Good Labor Day morning, California.
“I am a fun-loving individual who is guilty of occasional playfulness.”—Sen. John Moorlach, an Orange County Republican, apologizing after the Senate Rules Committee reprimanded him for giving a noogie to a woman who requested a photo with him.
Legislators leave Sac but they’ll be back
Bill would give big cities later last call
Legislators ended their two-year session with a measure authorizing $1 billion over five years for fire prevention and helping utilities pay for the 2017 wildfires.
The bill is intended to help Pacific Gas & Electric Co. avoid bankruptcy by passing some 2017 fire costs to ratepayers. The amount is to be determined.
Legislators also passed nationally-watched legislation on clean energy, net neutrality, online privacy, cash bail, women on corporate boards and much more. CALmatters’ staff compiled some of the other noteworthy legislation now awaiting the governor’s signature in this handy guide.
For kids, sugary drinks would be available on demand, but off the menu. For big kids, bars could stay open til 4 a.m. in some cities, and commercial cannabis sellers will be able to continue to operate legally after Dec. 31 with provisional licenses.
Noteworthy bills that died include ones to:
- Create a western regional electricity grid, sought by Brown. The next governor will take that issue up.
- Force more review onto the Cadiz Water Project in the Mojave Desert. There are more steps before the project proceeds. Cadiz Inc. has not announced a date for the start of construction.
- Impose a tax on water to pay for clean water. Legislators were influenced by the figurative ghost of Josh Newman, the Democratic senator who was recalled in June for voting for a gas tax increase.
A shift on crime and punishment
Felony murder rule could change
The criminal justice pendulum continued its swing away from tough-on-crime attitudes as the Legislature sought to end cash bail, increase transparency on policing, and pass a major revision to the “felony murder” rule.
Current law: Accomplices to crimes that result in death are fully culpable whether or not they know a murder would occur. Critics say the long-standing rule falls especially hard on women and young defendants.
The change: Berkeley Democratic Sen. Nancy Skinner described it earlier this year:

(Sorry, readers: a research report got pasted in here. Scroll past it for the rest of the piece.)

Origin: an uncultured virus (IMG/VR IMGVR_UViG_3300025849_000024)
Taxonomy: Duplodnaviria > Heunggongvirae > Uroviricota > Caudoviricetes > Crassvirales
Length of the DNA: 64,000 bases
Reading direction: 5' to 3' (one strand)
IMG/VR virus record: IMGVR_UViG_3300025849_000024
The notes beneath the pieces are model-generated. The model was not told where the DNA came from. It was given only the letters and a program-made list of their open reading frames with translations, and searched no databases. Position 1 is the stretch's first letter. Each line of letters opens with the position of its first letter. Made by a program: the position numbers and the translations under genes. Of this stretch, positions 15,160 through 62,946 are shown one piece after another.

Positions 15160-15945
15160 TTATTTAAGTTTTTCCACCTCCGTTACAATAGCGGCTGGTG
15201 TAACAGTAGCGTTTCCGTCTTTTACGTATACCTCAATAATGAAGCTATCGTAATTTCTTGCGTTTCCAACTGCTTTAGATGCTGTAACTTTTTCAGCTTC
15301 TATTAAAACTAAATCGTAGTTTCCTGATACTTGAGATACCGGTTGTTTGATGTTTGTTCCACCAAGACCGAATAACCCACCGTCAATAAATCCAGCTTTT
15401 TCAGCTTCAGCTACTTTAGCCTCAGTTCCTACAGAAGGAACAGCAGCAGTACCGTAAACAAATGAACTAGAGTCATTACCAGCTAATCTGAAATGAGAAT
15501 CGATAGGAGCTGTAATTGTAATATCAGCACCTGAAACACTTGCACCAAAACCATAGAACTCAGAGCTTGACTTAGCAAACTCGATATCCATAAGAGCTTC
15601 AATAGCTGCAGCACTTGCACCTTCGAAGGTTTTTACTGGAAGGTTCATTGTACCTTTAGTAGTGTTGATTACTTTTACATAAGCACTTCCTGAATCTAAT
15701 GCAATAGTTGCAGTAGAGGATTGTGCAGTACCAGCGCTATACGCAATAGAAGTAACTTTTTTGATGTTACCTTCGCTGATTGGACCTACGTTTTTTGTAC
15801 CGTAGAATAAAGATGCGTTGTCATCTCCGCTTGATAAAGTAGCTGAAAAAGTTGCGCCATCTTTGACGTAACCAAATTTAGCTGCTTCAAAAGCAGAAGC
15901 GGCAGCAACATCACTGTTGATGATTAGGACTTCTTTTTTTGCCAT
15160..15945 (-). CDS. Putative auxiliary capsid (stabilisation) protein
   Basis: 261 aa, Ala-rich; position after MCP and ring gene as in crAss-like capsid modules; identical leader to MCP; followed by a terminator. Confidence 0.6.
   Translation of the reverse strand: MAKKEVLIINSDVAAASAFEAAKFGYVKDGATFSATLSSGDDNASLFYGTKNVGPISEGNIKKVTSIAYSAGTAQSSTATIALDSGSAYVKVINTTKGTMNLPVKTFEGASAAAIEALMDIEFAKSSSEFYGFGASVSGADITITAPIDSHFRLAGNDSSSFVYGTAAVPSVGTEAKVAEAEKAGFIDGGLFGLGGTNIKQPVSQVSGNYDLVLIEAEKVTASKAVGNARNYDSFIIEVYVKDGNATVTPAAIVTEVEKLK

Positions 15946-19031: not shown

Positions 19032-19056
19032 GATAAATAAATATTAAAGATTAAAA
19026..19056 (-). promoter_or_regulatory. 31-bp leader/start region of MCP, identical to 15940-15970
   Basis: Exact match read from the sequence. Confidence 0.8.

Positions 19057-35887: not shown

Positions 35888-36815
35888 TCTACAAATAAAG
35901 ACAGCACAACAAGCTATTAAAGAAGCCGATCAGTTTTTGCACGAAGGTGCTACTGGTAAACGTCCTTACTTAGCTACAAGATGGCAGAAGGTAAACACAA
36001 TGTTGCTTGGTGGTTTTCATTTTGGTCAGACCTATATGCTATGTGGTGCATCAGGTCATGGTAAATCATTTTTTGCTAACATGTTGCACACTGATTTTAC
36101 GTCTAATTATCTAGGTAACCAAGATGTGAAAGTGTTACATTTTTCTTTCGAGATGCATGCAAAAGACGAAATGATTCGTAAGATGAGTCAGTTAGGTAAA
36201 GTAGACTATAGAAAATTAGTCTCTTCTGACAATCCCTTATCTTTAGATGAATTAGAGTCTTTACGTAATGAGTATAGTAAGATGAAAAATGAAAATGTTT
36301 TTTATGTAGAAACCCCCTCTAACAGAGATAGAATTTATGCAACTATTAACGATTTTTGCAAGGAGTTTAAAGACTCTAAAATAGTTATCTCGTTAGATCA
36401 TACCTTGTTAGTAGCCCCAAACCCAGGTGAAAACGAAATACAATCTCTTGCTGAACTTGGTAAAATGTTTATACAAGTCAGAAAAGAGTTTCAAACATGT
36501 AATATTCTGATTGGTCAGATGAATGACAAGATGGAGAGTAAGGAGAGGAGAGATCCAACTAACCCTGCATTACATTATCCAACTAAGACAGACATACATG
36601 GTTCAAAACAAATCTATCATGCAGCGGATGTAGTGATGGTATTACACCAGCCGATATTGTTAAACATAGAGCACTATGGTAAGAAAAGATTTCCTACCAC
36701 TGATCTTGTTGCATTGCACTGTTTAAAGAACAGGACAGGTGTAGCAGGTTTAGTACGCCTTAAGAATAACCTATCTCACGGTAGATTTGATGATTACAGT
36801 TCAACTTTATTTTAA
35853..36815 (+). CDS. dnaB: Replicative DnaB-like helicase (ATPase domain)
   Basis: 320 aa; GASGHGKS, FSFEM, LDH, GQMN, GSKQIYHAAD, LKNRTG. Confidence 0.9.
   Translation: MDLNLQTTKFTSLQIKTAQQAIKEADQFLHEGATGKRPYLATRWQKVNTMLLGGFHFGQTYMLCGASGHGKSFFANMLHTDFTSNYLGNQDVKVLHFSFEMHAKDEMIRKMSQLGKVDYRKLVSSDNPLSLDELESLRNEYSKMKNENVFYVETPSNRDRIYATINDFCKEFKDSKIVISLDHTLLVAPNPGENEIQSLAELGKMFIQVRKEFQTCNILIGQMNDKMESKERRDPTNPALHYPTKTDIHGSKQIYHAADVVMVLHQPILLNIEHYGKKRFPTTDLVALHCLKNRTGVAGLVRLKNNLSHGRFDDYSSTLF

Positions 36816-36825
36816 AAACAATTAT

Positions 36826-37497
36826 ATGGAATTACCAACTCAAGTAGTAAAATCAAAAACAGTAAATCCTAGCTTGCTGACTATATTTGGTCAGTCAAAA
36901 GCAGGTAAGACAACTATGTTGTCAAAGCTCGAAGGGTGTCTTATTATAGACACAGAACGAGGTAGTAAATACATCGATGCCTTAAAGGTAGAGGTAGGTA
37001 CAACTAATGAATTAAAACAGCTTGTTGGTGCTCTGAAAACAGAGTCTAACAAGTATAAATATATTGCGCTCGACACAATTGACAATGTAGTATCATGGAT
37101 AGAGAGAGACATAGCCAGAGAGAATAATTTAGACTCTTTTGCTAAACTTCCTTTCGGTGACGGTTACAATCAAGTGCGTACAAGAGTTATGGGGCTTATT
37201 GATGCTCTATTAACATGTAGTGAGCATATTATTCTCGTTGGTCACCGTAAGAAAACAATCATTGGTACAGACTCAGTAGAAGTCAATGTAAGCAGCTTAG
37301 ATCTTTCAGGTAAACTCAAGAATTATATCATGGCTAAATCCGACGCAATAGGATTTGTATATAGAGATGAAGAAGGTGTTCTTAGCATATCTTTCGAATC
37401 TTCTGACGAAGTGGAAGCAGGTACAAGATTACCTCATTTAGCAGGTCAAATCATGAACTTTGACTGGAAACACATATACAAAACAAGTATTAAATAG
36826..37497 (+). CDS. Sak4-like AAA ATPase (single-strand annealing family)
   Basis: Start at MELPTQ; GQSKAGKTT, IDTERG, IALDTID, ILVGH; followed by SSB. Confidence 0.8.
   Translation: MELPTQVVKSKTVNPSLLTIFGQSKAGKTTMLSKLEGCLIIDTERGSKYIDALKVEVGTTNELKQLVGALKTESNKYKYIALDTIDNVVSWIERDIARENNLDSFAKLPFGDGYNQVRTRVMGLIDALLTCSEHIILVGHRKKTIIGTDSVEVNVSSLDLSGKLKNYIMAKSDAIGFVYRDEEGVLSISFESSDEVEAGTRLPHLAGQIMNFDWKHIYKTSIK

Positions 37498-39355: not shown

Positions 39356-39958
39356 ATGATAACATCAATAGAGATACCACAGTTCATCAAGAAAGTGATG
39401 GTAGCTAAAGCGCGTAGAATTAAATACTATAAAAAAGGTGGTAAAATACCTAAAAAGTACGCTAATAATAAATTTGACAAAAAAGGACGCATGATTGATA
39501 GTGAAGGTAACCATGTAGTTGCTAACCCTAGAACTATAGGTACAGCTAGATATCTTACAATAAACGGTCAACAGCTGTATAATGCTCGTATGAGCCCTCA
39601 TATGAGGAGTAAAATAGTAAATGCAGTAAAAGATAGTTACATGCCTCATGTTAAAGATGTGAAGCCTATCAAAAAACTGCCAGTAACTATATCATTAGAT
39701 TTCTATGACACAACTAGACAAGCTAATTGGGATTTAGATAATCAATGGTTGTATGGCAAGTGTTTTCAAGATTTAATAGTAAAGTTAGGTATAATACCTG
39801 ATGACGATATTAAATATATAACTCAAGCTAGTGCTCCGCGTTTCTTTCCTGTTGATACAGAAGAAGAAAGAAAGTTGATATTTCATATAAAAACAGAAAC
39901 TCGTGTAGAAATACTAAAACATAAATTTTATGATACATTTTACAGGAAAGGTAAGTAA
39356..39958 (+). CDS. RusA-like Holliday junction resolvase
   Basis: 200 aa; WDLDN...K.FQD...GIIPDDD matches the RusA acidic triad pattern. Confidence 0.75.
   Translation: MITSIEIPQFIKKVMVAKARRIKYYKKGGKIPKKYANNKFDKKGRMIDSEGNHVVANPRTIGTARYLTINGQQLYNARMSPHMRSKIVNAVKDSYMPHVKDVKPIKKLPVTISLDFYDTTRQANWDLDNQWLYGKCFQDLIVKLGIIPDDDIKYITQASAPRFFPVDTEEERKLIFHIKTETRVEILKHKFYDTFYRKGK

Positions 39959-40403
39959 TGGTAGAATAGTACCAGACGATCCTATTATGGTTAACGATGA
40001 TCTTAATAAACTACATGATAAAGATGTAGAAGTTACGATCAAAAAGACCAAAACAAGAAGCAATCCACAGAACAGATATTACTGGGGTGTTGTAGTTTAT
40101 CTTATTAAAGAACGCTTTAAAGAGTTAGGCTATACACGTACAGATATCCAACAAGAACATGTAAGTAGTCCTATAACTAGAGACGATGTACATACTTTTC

“A person may only be convicted of murder if the individual willingly participated in an act that results in a homicide or that was clearly intended to result in a homicide.”
A major participant who doesn’t pull the trigger but acts with reckless indifference to life still could face murder charges.
History: Tom Hayden, the late state senator from Santa Monica, carried a similar bill in 1999; it got only nine votes in the 40-seat Senate.
Hayden cited the case of Brandon Hein, convicted with three others in the 1995 killing of a policeman’s son in Agoura Hills while attempting to steal his marijuana. Hein didn’t know the victim had been stabbed until afterward.
He became the focus of a documentary and a “60 Minutes” episode. LA Times columnist Al Martinez described him as “a strikingly handsome young man living in the hilly, tree-shaded serenity of a Conejo Valley suburb under the best possible circumstances.”
What’s next: Hein, serving a life sentence at Avenal State Prison, is eligible for parole in 2019. Like many others, he could seek resentencing if Gov. Jerry Brown signs the bill into law. Opponents, including county prosecutors, could change the change in court.
Gay conversion bill could come back
Assemblyman Evan Low, Campbell Democrat.
Assemblyman Evan Low, the Legislature’s LGBT caucus chairman, took an extraordinary step Friday, abandoning a bill that declared that gay conversion therapy to be a fraudulent business practice, even though he had sufficient votes for final passage.
Low’s bill sought to ban people from profiting by offering what he calls fraudulent conversion therapy for adults. Conservative Christian groups packed the Capitol earlier this year, saying the bill could infringe on their practices.
What’s next: Low told me he dropped the measure—after it passed both houses—after he met with evangelical leaders and concluded there might be common ground. He said he intends to reintroduce a measure in 2019 and hopes to get Republican support.
The presidents of Biola, Azusa Pacific and Point Loma Nazarene universities: “In Mr. Low’s decision, we see his desire in the state of California to make room for collaboration without anyone forfeiting their convictions. We applaud his commitment to pluralism and dialogue.”
Other considerations: In June, the U.S. Supreme Court struck down a California law requiring that religious anti-abortion pregnancy “crisis” centers inform patients whether they’re licensed medical facilities and provide information about abortion services.
That decision could have applied to Low’s conversion therapy measure. If a court were to strike it down, such a ruling could threaten an earlier law banning conversion therapy for minors.
Commentary from CALmatters
Official portrait of Gov. Jerry Brown
Author Miriam Pawel: Amid speculation as to why Jerry Brown has waited so long to make his fourth appointment to the California Supreme Court, the governor has said he does not want to rush. The decision will shape how future historians evaluate the Brown era.
CALmatters commentator Dan Walters: Assessing unions’ strength on Labor Day, concluding that the legislative session “provided more proof of the symbiotic relationship between California’s labor unions and the Legislature’s Democratic majority.” There are, however, problems ahead.
See you tomorrow.